For the last six years, Chinese military planners have been openly discussing the development of an ASBM (an anti-ship ballistic missile.) The way this weapon works is pretty simple. First you have to detect, and track, an American carrier at sea. This can be done with space or ground based radar, or electronic monitoring equipment. One could also do it with submarines (which would stalk the carriers, at a distance, and use satellite comm to send location updates back to China). Once you know where the carrier is, and where it is heading, you put that data into the navigation system of one or more ASBMs and launch. Less than half an hour later, the warhead is plunging earthward, and using its targeting sensors to detect the carrier below. Unless the carrier turned around and hauled ass at full speed about the time the ASBM was launched, the warhead will detect the carrier and hit it, while travelling at several times faster than a rifle bullet. If that doesn't sink the carrier, it certainly puts it out of action for months.
China's principal weapon would be their DF-21 ballistic missile, equipped with a high-explosive warhead and a guidance system that can home in and hit a aircraft carrier at sea. The DF-21 has a range of 1800 kilometers and normally hauls a 300 kiloton nuclear warhead. It's a two stage, 15 ton, solid fuel rocket that could carry a half ton penetrating, high-explosive warhead, along with the special guidance system (a radar and image recognition system).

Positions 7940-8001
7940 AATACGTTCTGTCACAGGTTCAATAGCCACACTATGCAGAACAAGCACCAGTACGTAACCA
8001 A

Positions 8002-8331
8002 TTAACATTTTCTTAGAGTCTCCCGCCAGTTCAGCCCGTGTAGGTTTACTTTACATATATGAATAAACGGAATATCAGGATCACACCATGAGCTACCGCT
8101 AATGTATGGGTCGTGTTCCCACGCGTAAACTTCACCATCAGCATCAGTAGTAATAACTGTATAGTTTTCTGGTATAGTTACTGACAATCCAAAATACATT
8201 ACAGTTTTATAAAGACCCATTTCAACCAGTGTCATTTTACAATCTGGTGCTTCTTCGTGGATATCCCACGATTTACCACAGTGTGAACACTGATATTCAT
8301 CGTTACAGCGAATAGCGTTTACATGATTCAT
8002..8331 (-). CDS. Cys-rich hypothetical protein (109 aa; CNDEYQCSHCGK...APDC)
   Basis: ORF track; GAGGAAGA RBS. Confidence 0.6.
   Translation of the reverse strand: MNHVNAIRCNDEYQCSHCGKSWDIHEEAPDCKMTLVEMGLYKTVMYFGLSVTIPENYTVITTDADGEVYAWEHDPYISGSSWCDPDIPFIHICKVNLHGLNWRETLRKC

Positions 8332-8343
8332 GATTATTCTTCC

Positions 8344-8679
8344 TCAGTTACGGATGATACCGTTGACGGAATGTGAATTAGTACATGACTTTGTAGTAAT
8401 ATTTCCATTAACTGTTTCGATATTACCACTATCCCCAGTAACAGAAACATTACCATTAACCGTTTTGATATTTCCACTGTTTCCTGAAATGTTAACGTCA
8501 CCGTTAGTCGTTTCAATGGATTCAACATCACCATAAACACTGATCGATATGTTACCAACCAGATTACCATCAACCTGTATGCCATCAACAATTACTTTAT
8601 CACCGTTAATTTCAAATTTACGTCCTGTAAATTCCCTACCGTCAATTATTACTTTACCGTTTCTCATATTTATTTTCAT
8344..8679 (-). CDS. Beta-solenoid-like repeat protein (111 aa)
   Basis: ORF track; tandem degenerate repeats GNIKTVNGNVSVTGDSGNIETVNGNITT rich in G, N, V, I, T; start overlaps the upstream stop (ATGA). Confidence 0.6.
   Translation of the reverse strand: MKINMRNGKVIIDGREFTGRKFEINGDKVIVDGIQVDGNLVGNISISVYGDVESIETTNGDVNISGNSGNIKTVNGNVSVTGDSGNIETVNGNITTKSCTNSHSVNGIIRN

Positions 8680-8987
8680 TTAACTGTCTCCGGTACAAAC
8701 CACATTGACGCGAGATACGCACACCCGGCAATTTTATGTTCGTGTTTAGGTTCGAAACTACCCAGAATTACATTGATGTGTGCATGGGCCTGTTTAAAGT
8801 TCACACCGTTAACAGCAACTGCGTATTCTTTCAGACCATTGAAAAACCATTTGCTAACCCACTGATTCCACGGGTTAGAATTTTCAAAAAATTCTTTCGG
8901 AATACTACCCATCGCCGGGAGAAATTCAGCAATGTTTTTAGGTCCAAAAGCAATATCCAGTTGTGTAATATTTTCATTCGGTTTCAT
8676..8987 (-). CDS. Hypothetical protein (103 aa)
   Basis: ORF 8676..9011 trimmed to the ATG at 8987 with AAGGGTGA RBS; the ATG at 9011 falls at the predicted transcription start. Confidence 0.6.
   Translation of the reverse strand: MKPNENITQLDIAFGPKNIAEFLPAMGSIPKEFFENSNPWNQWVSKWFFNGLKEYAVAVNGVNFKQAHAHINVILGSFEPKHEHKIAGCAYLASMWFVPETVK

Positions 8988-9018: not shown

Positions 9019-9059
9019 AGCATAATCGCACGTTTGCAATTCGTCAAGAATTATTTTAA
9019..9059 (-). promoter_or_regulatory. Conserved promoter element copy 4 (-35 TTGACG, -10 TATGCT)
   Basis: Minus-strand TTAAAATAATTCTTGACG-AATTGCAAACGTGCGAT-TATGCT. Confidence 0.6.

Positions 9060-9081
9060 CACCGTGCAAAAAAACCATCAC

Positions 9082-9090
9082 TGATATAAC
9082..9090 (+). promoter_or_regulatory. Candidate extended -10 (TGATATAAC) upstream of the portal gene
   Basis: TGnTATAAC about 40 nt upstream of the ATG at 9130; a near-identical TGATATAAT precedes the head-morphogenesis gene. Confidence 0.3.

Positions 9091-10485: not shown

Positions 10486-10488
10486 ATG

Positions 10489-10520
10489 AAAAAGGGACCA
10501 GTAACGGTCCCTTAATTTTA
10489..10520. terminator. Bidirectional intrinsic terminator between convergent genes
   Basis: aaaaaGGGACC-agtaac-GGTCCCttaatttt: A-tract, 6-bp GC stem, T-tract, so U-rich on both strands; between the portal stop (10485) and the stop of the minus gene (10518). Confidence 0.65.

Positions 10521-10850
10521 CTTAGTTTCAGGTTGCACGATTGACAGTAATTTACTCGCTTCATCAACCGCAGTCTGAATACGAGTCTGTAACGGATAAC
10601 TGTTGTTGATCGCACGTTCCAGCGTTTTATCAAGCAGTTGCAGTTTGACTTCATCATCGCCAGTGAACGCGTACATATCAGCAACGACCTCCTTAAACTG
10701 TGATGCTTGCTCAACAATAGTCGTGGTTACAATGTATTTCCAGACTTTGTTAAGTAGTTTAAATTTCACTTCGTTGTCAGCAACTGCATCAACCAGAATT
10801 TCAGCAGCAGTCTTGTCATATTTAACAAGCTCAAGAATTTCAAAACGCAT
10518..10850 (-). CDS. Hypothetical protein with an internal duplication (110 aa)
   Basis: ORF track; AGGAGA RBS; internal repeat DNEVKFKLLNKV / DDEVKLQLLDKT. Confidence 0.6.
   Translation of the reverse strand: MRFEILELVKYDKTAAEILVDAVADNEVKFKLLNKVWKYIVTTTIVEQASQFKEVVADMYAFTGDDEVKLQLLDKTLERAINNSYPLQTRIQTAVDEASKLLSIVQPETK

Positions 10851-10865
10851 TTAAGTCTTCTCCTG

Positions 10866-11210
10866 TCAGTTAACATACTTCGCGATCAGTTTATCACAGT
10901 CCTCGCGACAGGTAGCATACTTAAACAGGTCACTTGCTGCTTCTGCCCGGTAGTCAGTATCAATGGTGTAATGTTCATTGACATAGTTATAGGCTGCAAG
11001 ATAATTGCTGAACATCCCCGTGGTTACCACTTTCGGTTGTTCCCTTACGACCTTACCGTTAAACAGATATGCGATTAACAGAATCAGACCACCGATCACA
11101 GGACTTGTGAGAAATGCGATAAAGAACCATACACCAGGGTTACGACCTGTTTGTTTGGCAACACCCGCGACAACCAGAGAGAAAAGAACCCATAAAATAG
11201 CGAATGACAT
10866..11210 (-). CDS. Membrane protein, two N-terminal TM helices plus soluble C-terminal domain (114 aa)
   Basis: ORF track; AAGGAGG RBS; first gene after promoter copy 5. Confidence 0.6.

It is believed that the Chinese have reverse engineered, reinvented or stolen the 1970s technology that went into the U.S. Pershing ballistic missile. This 7.5 ton U.S. Army missile also had an 1,800 kilometers range, and could put its nuclear warhead within 30 meters of its aim point. This was possible because the guidance system had its own radar. This kind of accuracy made the Russians very uncomfortable, as it made their command bunkers vulnerable. The Russians eventually agreed to a lot of nuclear and missile disarmament deals in order to get the Pershings decommissioned in the 1980s.
The Chinese have long been rumored to have a system like this, but there have been no tests. Before deploying these ASBMs, one or more would have to be tested. They could do this by using a large container ship or tanker (older ones, headed for the breakers) and move it to a likely location from which an American carrier would approach. This target ship would be rigged to be operated by remote control. The Chinese might want to send a few smaller freighters, similarly equipped, to represent the carrier escorts. This would test the ASBMs ability to pick out the carrier (the largest ship in the task force.) As part of the test, the Chinese could see if more than one form of tracking works. Then, the ASBM would be given the latest coordinates for the carrier, and launched. Half an hour later, the Chinese would know if they have a real ASBM.
If the Chinese do succeed in creating a "carrier killer" version of the DF-21, the U.S. Navy can modify its Aegis anti-missile system to protect carriers against such attacks. There are also electronic warfare options, to blind the DF-21 radar.
Meanwhile, China appears to be developing an over-the-horizon (OTH) radar that can spot large ships (like American aircraft carriers) as far as 3,000 kilometers away, and use this information to guide ballistic missiles to the area,. Such radars have long been used to detect ballistic missile launches, and approaching heavy bombers. Some OTH radars have been modified to take advantage of the flat surface of an ocean, to pick up large objects, like ships. Cheaper and more powerful computers enable such OTH radars to more accurately identify ships thousands of kilometers away.
China is developing the technologies, and it's only a matter of time, and willingness to devote several billion dollars to the project, before they can actually do it, or at least try to. If the Chinese ASBM works, naval warfare will be changed forever.